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Where ideas come from?

Writerly thoughts from Pulitzer Prize winning poet Mark Strand who died in November 2014:

 “One of the amazing things about what I do is you don’t know when you’re going to be hit with an idea, you don’t know where it comes from. I think it has to do with language. Writers are people who have greater receptivity to language, and I think that they will see something in a phrase, or even in a word, that allows them to change it or improve what was there before. I have no idea where things come from. It’s a great mystery to me, but then so many things are. I don’t knowunnamed why I’m me, I don’t know why I do the things I do. I don’t even know whether my writing is a way of figuring it out. I think that it’s inevitable, you learn more about yourself the more you write, but that’s not the purpose of writing. I don’t write to find out more about myself. I write because it amuses me.”

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Good writing

One of the many wonderful things Donna Tartt does in her writing (see The Goldfinch) is use descriptive ‘lists’ … this is a technique that really adds depth and interest to her writing:

“What I somehow hadn’t expected was a city prinked-up for Christmas: fir boughs and tinsel, starburst ornaments in the shop windows and a cold stiff wind coming off the canals and fires and festival stalls and people on bicycles, toys and color and candy, holiday confusion and gleam. Little dogs, little children, gossipers and watchers and package bearers, clowns in top hats and military greatcoats and a little dancing jester in Christmas clothes a la Avercamp.”

This is Amsterdam, by the way … and Tartt gets a lovely rhythm going in this description.images-1

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‘What are the biggest lessons you’ve learnt from your failures?’

IMG_0382Failure is something many writers come up against time and again, so I was interested to read this response from young Australian artist Gemma Jones:

“That a knock-back stings, but it doesn’t really injure you. That I sometimes live in fear of failing, and when the crunch comes it is disappointing, but it turns out I’m still standing. And, in the end, you forget about your losses and your failures – so sometimes I just choose to fast-track the forgetting bit. Coming to a deadend can also mean that you have a chance to pick a new adventure.”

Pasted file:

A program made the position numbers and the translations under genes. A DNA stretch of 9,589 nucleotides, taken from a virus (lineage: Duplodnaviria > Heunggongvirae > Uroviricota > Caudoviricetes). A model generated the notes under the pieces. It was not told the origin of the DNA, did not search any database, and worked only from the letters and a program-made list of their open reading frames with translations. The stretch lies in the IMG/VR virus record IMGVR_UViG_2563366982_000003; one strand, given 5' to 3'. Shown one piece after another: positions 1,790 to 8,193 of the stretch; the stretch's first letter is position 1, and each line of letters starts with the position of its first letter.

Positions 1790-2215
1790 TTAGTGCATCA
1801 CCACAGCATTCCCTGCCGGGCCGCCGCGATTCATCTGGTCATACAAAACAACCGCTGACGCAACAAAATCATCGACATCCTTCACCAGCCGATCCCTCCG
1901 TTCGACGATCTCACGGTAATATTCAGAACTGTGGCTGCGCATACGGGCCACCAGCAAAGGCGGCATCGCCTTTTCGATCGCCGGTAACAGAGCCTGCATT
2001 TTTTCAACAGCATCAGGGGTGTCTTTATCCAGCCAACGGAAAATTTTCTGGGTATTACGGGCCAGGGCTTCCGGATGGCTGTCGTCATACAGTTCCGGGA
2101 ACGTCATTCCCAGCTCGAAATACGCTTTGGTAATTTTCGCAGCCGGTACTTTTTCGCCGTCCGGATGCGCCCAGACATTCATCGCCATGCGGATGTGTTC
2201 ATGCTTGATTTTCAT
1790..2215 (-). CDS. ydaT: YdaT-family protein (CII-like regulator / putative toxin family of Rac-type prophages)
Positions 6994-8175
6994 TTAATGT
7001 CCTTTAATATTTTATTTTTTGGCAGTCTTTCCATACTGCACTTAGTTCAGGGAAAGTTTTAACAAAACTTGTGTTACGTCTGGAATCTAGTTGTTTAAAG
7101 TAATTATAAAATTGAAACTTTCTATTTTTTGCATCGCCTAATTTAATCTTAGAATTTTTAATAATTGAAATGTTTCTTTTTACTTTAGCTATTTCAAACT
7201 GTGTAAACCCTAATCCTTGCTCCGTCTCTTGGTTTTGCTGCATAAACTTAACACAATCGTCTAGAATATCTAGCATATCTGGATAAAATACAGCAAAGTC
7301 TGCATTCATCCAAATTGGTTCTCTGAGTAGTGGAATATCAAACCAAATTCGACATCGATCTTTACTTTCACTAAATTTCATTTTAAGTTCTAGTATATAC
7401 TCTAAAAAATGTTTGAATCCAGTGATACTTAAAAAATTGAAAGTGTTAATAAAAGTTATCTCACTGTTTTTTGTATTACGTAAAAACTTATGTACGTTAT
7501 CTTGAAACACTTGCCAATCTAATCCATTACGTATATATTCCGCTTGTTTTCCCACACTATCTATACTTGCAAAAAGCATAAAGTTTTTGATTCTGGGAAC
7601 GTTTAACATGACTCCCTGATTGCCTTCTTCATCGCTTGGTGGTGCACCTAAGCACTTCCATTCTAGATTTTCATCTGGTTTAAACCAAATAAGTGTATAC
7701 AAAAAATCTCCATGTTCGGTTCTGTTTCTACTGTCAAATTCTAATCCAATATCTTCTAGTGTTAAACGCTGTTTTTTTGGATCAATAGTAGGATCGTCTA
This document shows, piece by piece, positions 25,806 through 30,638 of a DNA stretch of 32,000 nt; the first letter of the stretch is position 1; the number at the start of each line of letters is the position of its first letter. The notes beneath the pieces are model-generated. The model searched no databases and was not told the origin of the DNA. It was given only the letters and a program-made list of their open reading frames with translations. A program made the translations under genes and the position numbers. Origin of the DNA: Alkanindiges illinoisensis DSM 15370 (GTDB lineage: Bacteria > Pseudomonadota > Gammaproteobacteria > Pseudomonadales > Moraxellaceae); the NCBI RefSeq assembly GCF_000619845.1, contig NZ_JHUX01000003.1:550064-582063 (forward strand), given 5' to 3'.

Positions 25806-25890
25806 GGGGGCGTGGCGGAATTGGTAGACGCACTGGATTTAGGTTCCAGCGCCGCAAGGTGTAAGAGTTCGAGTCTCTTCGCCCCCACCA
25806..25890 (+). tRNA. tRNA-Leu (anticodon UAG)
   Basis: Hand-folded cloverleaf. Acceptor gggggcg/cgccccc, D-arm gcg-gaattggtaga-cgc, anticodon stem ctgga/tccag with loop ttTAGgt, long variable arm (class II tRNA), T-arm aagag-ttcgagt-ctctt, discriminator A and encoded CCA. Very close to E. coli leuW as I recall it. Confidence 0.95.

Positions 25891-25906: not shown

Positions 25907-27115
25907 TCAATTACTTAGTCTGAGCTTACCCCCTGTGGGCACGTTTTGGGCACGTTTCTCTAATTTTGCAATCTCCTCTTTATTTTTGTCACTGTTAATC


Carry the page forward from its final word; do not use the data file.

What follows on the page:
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Finally, a positive article on publishing

From The Economist, a marvellous essay on books and publishing. Here are a few quotes:

‘… to see technology purely as a threat to books risks missing a key point. Books are not just “tree flakes encased in dead cow”, as a scholar once wryly put it. They are a technology in their own right, one developed and used for the refinement and advancement of thought. And this technology is a powerful, long-lived and adaptable one.’

‘The growth rate of e-books has recently slowed in many markets, including America and Britain. Publishers now expect most of their sales to remain in print books for decades to come—some say for ever.

There are a number of reasons. One is that, as Russell Grandinetti, who oversees Amazon’s Kindle business, puts it, the print book is “a really competitive technology”: it is portable, hard to break, has high-resolution pages and a “long battery life”.’

‘Books will evolve online and off, and the definition of what counts as one will expand; the sense of the book as a fundamental channel of culture, flowing from past to future, will endure.’ 9682_Greg_Straight_Fantail_Dot_s

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Latest review

Neat review of The Children’s Pond by Karen Chisholm on the AustCrimeFiction blog: www.austcrimefiction.org/review/review-childrens-pond-tina-shaw